“I already have a fantasy situation thought out,” said Mitra, a computer programmer. “Now I just have to figure out a way to work in the characters from the clues.”
Others worked more diligently. Kate Weikert, a reviewer for Book News, and friend Mark Flatt, with a background in historical writing, took turns.
While Flatt worked a bar shift, Weikert wrote a draft. Flatt then added character details and description until 4 a.m. When Weikert awoke, she smoothed out the voice. By noon Sunday, the two had converged to revise “Trio,” about a chance encounter between two reporters.
He noticed her nodding at the senator’s inflections, her legs shifting back and forth from one tall boot to the next, finally putting her big leather bag down on the ground and rubbing her shoulder. Long day, her gestures said. Tired.
Chelsea Harlan, 28, a publishing graduate student at Portland State University, stayed up until 2 a.m. and finished 11 pages, then woke up to work a nine-hour day. Yet she managed to tweak, edit and turn in a copy of “Anna,” a 2,600-word work of magical realism — a popular genre with the Sledgehammer crowd — hours before deadline.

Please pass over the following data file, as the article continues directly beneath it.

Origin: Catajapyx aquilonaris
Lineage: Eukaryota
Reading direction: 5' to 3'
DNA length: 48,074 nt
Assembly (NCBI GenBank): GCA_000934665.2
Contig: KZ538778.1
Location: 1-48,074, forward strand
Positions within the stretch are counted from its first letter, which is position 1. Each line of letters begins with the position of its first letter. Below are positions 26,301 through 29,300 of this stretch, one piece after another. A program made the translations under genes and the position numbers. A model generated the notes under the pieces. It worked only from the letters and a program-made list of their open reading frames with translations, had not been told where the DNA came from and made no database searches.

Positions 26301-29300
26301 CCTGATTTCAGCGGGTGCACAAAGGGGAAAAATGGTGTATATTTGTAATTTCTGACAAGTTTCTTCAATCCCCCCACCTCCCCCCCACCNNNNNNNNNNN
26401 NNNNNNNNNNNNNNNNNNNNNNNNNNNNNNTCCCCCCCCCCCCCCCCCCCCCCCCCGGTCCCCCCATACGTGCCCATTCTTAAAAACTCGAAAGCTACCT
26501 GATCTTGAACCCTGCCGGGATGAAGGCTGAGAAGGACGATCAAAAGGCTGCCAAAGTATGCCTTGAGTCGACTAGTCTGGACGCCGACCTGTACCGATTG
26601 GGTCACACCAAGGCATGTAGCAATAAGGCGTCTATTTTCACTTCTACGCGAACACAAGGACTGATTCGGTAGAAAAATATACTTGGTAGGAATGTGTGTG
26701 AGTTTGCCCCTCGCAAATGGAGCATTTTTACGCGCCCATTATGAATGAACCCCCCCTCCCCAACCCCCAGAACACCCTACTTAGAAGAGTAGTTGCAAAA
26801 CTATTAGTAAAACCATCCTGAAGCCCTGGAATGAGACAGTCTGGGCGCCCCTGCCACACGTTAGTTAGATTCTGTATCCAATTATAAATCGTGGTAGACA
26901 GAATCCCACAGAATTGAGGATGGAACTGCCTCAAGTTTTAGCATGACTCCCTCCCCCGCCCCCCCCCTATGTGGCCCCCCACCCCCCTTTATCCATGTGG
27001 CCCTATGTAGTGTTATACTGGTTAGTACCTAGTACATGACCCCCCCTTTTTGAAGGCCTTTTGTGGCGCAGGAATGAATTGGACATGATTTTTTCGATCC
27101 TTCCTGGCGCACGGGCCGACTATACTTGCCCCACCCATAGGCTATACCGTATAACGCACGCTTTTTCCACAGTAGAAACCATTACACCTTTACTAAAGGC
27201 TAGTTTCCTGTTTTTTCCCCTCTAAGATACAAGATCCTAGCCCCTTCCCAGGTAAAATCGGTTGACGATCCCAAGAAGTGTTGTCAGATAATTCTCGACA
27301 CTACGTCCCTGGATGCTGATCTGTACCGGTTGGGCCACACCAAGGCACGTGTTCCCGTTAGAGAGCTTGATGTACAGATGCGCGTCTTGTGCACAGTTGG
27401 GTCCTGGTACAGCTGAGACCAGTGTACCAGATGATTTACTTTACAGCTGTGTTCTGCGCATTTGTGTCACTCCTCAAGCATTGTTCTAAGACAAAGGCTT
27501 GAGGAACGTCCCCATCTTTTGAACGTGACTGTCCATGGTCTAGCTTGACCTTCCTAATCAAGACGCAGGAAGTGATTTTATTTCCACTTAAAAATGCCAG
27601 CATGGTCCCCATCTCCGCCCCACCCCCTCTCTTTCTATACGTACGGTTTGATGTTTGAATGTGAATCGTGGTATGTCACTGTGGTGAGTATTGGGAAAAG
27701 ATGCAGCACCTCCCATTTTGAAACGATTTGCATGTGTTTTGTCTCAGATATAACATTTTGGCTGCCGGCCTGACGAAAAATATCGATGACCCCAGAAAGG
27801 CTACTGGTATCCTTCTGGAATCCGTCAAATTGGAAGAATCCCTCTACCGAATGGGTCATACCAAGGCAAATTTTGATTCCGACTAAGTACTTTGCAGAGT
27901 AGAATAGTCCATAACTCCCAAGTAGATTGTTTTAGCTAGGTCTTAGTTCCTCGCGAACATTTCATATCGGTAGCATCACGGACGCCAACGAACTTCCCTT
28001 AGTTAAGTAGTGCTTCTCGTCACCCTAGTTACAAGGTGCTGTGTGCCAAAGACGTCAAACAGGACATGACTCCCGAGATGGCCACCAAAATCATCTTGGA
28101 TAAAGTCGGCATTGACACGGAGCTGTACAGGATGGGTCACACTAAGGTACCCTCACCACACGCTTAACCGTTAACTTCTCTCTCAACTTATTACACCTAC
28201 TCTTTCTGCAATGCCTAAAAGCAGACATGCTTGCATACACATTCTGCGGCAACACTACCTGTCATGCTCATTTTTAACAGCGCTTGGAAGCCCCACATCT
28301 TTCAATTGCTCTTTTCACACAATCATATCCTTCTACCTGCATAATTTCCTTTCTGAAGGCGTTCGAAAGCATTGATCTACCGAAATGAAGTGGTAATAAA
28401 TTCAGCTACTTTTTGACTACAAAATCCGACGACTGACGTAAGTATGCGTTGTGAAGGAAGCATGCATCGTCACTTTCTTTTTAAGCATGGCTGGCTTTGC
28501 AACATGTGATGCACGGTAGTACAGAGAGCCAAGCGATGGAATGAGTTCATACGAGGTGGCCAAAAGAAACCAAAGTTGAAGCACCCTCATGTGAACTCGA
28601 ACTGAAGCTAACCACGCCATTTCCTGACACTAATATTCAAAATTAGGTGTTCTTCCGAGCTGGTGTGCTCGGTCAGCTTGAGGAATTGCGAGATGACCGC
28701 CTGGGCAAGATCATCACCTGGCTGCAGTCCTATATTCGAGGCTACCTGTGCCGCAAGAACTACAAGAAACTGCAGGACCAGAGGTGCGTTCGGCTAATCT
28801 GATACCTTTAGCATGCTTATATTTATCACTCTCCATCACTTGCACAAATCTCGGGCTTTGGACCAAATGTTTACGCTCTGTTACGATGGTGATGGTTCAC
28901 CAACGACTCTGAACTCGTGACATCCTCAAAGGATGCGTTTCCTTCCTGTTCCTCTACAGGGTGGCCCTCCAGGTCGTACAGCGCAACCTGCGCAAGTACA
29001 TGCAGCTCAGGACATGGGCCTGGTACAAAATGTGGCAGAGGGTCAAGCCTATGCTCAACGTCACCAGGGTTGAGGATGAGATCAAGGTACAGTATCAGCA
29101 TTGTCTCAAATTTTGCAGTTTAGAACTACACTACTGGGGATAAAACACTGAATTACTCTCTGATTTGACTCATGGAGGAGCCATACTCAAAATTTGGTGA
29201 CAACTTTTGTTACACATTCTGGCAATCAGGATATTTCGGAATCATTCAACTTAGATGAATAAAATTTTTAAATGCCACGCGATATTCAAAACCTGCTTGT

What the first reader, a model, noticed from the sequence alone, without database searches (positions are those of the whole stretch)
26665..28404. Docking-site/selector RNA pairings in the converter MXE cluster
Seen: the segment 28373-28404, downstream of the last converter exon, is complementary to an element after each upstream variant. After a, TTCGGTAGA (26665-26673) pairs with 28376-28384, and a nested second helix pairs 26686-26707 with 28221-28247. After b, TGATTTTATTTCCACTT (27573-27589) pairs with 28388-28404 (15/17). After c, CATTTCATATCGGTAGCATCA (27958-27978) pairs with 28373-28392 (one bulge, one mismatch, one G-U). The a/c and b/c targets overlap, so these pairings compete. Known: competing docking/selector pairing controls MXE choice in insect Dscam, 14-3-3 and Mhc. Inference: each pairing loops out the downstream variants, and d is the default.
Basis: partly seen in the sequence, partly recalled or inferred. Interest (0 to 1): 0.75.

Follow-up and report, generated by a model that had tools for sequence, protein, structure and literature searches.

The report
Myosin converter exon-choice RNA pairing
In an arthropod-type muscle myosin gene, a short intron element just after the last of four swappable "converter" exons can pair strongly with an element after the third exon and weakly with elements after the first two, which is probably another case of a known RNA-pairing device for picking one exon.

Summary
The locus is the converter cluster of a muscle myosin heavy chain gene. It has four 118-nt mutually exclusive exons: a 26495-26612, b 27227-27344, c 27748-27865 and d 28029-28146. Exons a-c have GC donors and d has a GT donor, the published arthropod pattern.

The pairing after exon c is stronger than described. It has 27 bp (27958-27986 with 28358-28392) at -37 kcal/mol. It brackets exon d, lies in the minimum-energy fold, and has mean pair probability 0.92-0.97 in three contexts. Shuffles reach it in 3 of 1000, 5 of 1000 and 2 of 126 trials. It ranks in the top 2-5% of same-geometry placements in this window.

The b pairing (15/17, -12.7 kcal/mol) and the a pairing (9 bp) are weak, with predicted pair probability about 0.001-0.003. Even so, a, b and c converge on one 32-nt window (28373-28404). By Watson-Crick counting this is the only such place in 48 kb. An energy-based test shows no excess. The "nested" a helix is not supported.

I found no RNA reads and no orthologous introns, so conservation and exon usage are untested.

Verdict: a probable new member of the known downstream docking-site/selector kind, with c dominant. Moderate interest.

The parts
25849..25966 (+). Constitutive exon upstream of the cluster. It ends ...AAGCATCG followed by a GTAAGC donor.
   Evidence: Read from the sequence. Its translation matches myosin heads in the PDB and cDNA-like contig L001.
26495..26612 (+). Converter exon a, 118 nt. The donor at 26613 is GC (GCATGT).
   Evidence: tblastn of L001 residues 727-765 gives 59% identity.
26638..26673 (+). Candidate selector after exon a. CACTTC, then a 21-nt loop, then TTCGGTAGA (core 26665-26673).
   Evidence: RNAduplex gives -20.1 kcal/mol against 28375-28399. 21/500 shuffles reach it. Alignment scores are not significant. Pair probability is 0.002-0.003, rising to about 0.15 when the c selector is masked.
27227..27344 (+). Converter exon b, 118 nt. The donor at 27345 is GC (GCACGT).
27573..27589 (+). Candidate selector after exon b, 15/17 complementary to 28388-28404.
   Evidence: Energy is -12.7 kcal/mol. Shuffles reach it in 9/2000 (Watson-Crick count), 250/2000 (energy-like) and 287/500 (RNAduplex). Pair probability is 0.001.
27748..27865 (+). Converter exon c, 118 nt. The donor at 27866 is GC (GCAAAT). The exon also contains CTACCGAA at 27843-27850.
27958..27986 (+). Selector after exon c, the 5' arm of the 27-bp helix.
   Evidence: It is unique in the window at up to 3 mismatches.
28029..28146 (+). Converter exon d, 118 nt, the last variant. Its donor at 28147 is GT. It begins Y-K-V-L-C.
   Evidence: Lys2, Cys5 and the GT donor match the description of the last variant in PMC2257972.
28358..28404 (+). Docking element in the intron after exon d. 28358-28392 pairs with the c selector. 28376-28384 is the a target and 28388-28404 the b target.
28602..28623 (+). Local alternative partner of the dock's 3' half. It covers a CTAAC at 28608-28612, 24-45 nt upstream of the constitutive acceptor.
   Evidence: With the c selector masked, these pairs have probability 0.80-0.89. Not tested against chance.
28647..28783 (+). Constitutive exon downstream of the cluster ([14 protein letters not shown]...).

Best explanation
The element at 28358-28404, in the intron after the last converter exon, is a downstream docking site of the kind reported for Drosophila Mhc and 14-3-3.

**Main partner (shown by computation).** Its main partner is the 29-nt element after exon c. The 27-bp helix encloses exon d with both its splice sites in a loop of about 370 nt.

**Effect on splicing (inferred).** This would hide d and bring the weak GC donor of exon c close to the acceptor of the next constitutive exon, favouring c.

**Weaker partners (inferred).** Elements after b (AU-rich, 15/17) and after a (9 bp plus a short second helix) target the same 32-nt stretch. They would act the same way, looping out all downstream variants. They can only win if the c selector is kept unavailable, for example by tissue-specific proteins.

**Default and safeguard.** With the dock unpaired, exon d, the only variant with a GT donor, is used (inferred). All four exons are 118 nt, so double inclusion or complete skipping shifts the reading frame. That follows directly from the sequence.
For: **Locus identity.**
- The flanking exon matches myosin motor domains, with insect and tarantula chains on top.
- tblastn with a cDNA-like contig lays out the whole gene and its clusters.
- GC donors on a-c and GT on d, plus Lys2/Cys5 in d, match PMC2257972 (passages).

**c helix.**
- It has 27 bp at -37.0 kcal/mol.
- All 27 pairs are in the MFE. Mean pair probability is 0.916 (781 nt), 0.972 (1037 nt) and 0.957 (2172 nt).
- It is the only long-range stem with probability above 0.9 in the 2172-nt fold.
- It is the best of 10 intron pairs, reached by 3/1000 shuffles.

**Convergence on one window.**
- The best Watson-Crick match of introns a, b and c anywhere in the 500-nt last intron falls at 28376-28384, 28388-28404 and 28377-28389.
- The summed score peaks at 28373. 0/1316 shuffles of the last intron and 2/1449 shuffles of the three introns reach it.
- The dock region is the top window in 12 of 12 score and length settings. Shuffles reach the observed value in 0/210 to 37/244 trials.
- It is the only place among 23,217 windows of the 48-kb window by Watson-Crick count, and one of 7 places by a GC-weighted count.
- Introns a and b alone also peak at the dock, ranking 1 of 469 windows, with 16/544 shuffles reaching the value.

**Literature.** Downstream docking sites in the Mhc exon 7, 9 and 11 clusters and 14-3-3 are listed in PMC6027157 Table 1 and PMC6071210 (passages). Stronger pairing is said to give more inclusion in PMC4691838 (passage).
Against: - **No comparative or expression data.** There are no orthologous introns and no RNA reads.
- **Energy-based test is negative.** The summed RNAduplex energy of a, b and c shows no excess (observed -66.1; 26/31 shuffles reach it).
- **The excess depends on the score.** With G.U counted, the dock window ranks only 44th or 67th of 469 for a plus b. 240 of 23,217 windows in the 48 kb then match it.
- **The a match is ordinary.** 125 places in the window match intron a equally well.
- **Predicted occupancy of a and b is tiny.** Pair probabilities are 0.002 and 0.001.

And although she knew she should be afraid like she had been at first, that this wasn’t normal, she couldn’t help but feel comforted, grounded. Like his eyes kept her pinned to the earth and if he ever closed them, she would float up into the sky and melt away like a cloud.
Except for a young woman who trudged into Backspace in sweats and two participants who paid the $20 entry fee but never returned, most showed up well before deadline. That includes Mitra, who turned in nine pages written in exquisite cursive and with few scribbles.